Brilliant, Exhausting, Inspiring, Testing, Life Changing and Amazing. These are all terms used by my fellow delegates to describe the past 10 days, and I would agree with all of them 100%.
let me start by explaining what Japan Academy is. Each year the Deputy National Presidents from all around the world are invited to join members from JCI Japan in a 10 day training course designed to make us as ready as possible for the year we take on the role of National President. The 10 days are split into two main parts. Firstly is a home stay with a Japanese family and the second is the main training itself.
For me, the home stay is the truly unique part of the academy and you would struggle to get through any other training or opportunity. A family opens their home to you for two days, and you are treated as one of the family.
My family was made up of Kenichi, Emi & Shohei. Kenichi was the father and unfortunately didn’t get to spent much time with him. There was a typhoon raging and the increased water levels meant he had to work the majority of the weekend, but the time I did spend with him was great. Emi was the mother of the family. She was warm, welcoming and caring and couldn’t do enough for me. I spent the majority of my time with Shohei though. Shohei is planning to go to Seattle to study English in September so I wanted to help him as much as possible. We went to the local shopping mall, then a local park and wrapped the day off with a visit to an art gallery. They threw a very excessive farewell dinner of Sushi and other Japanese food on the night I left them and I will always be grateful to them for giving me such a warm welcome. Hopefully I’ll be able to return the favour in the future.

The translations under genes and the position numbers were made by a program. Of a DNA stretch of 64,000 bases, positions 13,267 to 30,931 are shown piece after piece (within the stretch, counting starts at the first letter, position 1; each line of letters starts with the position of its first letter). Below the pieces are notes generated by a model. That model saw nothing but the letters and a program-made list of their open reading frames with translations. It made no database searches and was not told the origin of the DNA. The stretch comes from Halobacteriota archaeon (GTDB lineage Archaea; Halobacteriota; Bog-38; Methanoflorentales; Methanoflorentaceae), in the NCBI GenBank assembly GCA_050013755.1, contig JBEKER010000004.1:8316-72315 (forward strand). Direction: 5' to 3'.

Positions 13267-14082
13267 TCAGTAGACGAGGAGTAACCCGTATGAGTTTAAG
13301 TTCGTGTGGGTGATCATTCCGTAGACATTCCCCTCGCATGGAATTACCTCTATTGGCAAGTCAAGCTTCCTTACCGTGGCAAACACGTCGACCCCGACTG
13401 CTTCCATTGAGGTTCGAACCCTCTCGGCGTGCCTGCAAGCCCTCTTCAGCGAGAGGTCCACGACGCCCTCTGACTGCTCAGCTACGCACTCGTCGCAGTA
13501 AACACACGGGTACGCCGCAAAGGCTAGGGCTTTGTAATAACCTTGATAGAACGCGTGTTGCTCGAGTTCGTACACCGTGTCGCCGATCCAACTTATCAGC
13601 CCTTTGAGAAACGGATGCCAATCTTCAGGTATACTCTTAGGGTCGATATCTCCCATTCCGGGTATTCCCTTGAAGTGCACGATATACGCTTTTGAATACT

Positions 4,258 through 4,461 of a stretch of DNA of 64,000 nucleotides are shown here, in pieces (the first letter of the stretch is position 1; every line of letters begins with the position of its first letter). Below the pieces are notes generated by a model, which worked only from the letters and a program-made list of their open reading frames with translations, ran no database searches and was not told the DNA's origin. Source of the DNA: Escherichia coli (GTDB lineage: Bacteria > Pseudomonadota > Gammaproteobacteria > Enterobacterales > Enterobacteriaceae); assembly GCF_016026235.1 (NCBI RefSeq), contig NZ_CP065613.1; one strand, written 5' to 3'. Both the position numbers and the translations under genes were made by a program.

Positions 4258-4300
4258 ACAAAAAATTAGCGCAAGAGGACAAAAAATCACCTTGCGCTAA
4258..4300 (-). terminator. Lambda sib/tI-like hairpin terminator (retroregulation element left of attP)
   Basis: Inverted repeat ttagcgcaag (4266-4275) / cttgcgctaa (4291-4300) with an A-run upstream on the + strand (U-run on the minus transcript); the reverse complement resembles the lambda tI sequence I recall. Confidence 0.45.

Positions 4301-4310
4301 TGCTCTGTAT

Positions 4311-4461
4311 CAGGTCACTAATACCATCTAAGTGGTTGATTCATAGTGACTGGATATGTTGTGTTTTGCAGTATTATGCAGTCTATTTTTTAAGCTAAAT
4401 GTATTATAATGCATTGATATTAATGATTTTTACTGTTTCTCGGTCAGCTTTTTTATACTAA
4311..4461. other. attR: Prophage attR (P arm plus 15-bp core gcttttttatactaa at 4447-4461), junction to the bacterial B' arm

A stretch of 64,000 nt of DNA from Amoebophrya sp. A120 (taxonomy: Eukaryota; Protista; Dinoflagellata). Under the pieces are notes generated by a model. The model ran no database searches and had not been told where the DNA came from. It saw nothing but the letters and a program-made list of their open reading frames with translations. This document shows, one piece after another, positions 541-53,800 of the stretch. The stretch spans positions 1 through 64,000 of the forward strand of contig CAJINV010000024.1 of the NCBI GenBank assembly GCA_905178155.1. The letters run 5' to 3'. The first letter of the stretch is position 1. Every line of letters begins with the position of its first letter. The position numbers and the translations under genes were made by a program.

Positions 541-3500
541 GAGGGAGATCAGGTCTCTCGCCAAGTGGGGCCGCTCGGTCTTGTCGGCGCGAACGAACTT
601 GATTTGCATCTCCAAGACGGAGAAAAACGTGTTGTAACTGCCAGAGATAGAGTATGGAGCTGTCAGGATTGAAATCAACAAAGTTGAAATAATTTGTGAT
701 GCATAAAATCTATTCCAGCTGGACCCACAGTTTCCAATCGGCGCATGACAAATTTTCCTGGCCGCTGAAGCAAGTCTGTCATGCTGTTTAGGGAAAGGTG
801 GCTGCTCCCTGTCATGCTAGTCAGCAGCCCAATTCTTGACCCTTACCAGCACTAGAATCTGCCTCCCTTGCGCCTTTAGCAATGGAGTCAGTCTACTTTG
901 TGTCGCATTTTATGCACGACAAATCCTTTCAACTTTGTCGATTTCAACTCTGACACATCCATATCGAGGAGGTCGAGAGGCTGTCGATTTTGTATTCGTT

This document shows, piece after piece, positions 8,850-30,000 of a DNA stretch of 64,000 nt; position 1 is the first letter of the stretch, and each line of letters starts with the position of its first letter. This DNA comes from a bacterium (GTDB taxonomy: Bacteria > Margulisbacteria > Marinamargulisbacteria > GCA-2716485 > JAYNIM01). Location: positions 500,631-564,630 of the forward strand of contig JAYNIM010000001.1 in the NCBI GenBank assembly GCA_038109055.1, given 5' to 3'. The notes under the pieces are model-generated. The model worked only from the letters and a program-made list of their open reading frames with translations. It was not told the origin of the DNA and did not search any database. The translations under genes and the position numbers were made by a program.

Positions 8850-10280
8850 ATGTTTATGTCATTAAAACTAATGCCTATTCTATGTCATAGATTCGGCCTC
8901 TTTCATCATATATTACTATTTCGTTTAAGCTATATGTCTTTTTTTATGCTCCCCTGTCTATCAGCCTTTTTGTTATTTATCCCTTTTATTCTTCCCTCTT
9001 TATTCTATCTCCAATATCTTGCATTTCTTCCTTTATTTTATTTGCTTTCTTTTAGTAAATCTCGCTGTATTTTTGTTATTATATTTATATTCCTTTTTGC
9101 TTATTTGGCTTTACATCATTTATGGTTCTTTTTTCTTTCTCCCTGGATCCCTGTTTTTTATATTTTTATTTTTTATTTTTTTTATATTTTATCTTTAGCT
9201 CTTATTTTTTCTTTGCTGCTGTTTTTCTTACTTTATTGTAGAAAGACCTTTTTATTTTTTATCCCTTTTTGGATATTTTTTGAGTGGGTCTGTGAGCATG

The next day the formal training started and we met our buddies. Every international delegate is buddied up with one or two Japanese delegates from the team you working in for the rest of the academy. I was paired up with Mae Chan and Ken. Daniel, the Deputy National President from JCI Sweden, got buddied up with Yoshi, the other male Japanese delegate in our team. We ended up sharing one room between the five of us which thankfully turned out to be easily big enough for all of us. The five of us became really good friends over the
Now I’m going to be really carefully what I say about the activities of the Academy training, not because there is anything to hide, but because part of it is not knowing what is to come if you attend, and I would hope there is at least one future Deputy National President reading this and wouldn’t want to spoil their experience. All I can say is there is a lot of great content, a lot of reflection on yourself as an individual and also on your leadership style. There are also a lot of great tools that can be used both on a National and Local basis which I’ll be working on over the next few months with the Local Deputy Presidents from across the country.
Away from the training sessions, Japan Academy provides a great opportunity for the Delegates from around the world to get to know each other. By forming these relationships before the year starts means we understand each other and can get on with the job of making JCI even better.
After a lot of sleep deprived nights (well, it wouldn’t be a JCI academy without them!) and a lot of hard work from all the delegates, we had completed the academy and graduated. We then met up with our host families again for a farewell reception.
As I write this I am sat in Dubai airport still trying to process all the learning, experiences and friendships I’ve gain in the last ten days. I genuinely can’t put into words what the experience was like as it is so unique. All I can say is if at some point, you become Deputy National President, you’ll be in for an experience like no other.
As we now come to the middle of July, I’m actively starting the planning for next year and the academy has help with that. More will come out soon, but if in the mean time you have any ideas of what you want to see happen, or if you are interested in standing for a position on the National Board, please send me an email to firstname.lastname@example.org
This post was written by Ben Hawley